publication status
published
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in
The Journal of Physical Chemistry Part A: Molecules, Spectroscopy, Kinetics, Environment and General Theory
volume
115
pages
8948 - 8959
publisher
The American Chemical Society
external identifiers
  • scopus:80051768109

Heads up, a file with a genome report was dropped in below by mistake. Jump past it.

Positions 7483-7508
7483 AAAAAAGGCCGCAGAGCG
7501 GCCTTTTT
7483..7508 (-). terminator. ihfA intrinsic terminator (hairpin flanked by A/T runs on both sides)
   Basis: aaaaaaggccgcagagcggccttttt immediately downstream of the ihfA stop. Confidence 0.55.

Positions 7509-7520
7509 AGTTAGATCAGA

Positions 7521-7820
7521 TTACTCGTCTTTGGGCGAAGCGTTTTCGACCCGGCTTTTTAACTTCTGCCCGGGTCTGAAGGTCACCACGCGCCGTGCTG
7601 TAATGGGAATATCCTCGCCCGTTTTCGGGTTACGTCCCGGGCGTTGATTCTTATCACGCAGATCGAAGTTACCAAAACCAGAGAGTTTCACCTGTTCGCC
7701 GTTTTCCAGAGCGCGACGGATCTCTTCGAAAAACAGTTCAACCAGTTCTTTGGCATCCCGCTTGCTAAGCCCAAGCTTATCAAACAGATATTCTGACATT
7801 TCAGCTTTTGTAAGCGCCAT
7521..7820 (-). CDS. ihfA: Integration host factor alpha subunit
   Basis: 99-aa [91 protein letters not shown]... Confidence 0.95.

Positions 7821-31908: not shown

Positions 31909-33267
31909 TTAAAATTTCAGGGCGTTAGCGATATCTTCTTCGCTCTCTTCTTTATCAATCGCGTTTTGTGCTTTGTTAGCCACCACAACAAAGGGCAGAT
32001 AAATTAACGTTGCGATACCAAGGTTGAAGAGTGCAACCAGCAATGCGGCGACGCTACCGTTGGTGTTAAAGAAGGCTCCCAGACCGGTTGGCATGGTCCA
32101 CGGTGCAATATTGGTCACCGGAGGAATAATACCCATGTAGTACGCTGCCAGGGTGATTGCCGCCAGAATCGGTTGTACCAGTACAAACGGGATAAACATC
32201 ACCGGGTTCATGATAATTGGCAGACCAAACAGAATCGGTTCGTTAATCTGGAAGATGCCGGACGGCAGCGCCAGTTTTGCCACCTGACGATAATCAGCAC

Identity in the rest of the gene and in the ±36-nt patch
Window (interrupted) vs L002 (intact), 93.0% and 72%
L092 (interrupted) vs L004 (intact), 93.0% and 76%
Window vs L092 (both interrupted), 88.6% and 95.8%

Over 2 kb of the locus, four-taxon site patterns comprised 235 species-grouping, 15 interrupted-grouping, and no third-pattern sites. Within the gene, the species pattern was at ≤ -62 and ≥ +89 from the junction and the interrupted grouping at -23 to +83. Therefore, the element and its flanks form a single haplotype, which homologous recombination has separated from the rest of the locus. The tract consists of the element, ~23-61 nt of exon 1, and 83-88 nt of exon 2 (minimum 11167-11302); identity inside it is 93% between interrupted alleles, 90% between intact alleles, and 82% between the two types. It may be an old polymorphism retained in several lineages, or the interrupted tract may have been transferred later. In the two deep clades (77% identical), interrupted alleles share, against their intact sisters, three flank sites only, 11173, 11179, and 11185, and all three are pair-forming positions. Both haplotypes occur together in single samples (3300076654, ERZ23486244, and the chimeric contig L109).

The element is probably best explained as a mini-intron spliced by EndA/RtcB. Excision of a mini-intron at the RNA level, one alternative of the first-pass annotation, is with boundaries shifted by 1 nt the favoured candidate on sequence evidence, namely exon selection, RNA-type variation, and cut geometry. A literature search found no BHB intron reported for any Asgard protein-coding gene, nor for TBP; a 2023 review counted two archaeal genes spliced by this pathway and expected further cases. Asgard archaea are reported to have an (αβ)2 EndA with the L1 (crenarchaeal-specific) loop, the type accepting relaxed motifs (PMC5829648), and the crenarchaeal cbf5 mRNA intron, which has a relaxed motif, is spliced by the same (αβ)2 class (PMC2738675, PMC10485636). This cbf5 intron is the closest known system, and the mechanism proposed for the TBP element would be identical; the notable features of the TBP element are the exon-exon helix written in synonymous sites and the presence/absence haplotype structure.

ISSN
1520-5215
DOI
10.1021/jp201065w
language
English
LU publication?
no
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5442a69d-9c59-4147-afa0-12e1c7109168 (old id 4332302)
date added to LUP
2014-03-04 09:45:53
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2017-05-21 03:57:17
@article{5442a69d-9c59-4147-afa0-12e1c7109168,